Instructions: In November 1860, Abraham Lincoln was elected President of the United States. Over the following months, eleven states seceded from the Union. Starting in 1862, the federal government and the state of Maryland each enact a statute concerning slavery. You are a law clerk to Chief Justice Roger Taney. During a recess of the Supreme Court, you travel with Taney to his hometown of Baltimore, Maryland. One evening, several lawyers show up at Taney’s home, and hand him a series of legal pleadings. Chief Justice Taney asks you to prepare a memorandum of no more than 1,000 words addressing five issues raised by the pleadings.
Congress enacts the Emancipation Act, and President Lincoln promptly signs it into law. The statute has three sections:
Section 1: Whereas Congress finds that the ownership of slaves is an economic activity that has a substantial effect on interstate commerce;
Section 2: Whereas Congress finds that all slavery must be eliminated in any State or designated part of a State, the people whereof shall then be in rebellion against the United States;
Section 3: To obtain emancipation, the judicial power shall be construed to extend to any suit commenced against the owner of a slave, by that person held as a slave.
Frederick is a slave held in Georgia. His owner, Ashley, recently moved to Virginia, the capital of the Confederacy. Attorneys representing Frederick deliver to Chief Justice Taney in Baltimore pleadings seeking Frederick’s freedom. The suit is brought under Section 3 of the Emancipation Act against Ashley. Ashley, through counsel, asserts that the court lacks jurisdiction, and alternatively, the Federal Emancipation Act is unconstitutional.
The federal Emancipation Act only affected slaves and their owners in territories that joined the Confederate States of America, such as Georgia and Virginia. It did not affect the slaves in the border states. Therefore, the Maryland legislature enacts, and the Governor signs into law, the Maryland Emancipation Act. The statute has four sections:
Section 1: Whereas the state of Maryland finds that the ownership of slaves is morally unacceptable.
Section 2: Whereas the state of Maryland finds that all slavery must be eliminated within its borders.
Section 3: Therefore, under this Act, persons held as slaves within the State of Maryland shall be then, thenceforward, and forever free.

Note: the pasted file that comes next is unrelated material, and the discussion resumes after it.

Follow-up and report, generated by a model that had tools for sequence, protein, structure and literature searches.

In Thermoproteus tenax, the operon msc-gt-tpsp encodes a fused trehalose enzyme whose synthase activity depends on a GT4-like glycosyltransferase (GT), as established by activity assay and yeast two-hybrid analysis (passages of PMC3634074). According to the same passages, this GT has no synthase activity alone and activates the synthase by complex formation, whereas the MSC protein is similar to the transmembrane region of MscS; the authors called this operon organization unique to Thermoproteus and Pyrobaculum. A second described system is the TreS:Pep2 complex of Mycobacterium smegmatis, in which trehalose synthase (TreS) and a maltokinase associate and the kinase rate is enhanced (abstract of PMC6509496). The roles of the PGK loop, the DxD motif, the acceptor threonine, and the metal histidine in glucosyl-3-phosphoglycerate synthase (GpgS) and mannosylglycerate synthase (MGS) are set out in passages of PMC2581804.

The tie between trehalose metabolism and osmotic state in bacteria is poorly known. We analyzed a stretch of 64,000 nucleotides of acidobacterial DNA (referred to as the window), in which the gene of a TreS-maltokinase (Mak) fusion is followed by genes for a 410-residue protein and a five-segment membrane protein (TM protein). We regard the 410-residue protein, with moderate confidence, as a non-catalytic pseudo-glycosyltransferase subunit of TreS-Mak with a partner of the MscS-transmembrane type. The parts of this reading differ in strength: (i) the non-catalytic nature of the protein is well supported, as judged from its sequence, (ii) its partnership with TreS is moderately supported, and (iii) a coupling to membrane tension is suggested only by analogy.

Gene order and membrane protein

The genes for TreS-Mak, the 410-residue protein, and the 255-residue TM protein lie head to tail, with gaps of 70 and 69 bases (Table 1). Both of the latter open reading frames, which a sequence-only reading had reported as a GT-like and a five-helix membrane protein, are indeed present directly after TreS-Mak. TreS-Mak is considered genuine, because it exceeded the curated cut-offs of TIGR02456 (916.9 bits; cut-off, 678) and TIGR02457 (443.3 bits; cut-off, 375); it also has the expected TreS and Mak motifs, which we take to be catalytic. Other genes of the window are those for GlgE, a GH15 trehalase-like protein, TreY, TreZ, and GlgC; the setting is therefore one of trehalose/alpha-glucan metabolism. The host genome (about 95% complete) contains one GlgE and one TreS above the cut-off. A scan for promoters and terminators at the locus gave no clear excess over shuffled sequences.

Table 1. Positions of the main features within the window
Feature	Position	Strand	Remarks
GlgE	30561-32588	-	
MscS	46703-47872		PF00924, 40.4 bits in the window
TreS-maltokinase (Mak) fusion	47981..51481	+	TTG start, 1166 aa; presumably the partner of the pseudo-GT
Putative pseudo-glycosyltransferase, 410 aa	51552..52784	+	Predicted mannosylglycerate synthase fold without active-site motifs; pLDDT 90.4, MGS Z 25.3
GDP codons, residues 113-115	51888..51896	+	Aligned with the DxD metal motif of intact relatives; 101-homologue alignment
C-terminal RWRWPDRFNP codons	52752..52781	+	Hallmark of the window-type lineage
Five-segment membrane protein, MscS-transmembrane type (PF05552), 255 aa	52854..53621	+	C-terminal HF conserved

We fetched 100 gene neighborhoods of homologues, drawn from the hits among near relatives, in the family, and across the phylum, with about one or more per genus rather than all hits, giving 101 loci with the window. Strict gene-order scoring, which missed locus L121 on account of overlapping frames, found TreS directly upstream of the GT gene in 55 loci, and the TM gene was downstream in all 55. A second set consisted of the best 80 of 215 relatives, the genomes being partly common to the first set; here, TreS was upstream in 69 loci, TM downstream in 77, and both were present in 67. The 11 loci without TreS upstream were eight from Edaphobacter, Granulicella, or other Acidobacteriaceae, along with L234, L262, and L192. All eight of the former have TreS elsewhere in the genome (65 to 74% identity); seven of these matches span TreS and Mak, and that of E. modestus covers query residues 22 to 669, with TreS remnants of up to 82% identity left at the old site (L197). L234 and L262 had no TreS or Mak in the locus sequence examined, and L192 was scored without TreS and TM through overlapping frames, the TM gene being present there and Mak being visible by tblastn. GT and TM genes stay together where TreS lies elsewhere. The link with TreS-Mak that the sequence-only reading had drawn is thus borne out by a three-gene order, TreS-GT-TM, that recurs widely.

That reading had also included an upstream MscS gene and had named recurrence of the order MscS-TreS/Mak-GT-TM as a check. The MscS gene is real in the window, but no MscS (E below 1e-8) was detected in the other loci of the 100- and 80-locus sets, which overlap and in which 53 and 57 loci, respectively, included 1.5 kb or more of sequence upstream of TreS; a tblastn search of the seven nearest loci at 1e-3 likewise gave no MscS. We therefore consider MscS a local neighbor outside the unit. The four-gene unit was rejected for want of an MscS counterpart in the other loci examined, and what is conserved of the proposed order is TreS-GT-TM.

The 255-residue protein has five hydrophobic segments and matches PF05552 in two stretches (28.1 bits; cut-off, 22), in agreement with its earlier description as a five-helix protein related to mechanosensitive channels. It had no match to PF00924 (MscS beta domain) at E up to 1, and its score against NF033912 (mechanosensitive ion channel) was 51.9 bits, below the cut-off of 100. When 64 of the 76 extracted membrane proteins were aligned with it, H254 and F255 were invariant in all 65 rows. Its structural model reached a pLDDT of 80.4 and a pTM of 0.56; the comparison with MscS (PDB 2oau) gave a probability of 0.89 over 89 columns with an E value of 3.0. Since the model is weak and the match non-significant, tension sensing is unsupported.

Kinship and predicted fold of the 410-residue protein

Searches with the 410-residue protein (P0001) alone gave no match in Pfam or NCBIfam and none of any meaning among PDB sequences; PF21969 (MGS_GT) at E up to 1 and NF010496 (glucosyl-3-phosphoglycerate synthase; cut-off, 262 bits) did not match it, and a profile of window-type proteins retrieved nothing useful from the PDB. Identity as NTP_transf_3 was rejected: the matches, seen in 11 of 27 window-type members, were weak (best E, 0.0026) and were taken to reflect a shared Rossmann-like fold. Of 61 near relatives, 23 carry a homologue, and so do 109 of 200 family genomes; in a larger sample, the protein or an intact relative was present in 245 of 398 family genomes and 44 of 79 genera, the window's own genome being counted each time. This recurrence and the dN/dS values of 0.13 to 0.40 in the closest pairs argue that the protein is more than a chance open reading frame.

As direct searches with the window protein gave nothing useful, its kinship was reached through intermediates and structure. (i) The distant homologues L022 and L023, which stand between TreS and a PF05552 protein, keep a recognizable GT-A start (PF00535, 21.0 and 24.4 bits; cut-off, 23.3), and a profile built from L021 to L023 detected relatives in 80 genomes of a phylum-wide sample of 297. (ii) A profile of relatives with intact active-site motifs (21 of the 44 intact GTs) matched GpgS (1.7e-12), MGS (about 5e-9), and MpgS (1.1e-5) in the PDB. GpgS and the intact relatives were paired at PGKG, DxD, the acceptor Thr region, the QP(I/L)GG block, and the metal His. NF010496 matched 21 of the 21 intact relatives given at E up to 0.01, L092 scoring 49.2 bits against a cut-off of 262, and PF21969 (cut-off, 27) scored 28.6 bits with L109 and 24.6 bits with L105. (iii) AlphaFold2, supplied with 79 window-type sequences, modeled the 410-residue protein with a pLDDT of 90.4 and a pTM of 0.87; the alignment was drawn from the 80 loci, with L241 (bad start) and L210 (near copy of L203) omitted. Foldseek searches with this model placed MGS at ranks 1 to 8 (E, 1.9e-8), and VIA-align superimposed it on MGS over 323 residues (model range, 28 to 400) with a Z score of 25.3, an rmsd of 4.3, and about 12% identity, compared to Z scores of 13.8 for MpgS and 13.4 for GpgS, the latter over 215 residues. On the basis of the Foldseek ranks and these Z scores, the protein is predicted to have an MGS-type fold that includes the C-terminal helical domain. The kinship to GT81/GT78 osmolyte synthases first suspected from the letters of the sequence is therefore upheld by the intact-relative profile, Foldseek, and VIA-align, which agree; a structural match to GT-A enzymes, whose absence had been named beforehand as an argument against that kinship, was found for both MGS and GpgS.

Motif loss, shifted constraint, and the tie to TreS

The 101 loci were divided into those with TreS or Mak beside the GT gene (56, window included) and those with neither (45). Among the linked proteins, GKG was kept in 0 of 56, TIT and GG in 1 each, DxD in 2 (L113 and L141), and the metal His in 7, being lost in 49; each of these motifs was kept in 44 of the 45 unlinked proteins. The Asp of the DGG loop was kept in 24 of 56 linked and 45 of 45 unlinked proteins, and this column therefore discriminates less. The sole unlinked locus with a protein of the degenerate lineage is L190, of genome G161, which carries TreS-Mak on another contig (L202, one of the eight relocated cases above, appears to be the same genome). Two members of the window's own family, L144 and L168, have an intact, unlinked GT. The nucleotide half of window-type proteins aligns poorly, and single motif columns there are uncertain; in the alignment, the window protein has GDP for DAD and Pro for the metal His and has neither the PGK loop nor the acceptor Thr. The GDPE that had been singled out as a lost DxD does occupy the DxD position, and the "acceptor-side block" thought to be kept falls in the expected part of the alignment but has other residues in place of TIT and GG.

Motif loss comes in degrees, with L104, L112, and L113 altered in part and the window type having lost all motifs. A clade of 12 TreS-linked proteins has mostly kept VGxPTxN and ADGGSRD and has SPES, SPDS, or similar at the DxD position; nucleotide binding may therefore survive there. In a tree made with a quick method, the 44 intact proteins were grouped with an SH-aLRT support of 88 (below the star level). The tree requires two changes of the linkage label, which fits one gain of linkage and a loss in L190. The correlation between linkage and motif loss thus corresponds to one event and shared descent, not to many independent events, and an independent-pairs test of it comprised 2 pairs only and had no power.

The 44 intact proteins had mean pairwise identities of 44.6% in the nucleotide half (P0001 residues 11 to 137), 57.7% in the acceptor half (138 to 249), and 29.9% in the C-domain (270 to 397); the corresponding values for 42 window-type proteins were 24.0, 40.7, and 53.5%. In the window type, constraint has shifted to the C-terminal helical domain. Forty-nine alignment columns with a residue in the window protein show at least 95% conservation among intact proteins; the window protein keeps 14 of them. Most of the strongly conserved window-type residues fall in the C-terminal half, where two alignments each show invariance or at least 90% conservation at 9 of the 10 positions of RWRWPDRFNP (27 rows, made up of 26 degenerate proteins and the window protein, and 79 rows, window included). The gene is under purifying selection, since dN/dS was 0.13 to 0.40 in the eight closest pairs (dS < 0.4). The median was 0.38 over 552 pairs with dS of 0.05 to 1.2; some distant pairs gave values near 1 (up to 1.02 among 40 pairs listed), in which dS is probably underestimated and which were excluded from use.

Section 4: The state of Maryland shall have the appropriate power to enforce the provisions of this Act.
Key, a slave-owner in Maryland, delivers pleadings to Chief Justice Taney in Baltimore challenging the constitutionality of the Maryland Emancipation Act. Specifically, he sues the State of Maryland, asserting that the law is unconstitutional because it amounts to a taking of property without just compensation.
The militia of Maryland, already stretched thin due to bloody battles in the Civil War, has announced that it cannot enforce the Maryland Emancipation Act. Key knows this fact, and writes in his pleading that even if the court rules against him, he will refuse to free his slaves.
Chief Justice Taney asks you to prepare a memorandum of no more than 1,000 words addressing five issues raised by the pleadings.
- Can a federal court hear Frederick’s suit brought under the Federal Emancipation Act with diversity jurisdiction (assume the amount in controversy is satisfied)?
- Assuming a federal court does have jurisdiction to consider Frederick’s suit, is the Federal Emancipation Act constitutional?
- Can a federal court hear Key’s suit brought against the Maryland Emancipation Act with federal question jurisdiction (assume the amount in controversy is satisfied)?
- Assuming a federal court does have jurisdiction to consider Key’s suit, is the Maryland Emancipation Act constitutional?
- Chief Justice Taney recognizes that the Maryland militia will not enforce a judgment against Key, who stated he would refuse to free his slave. What should the court do?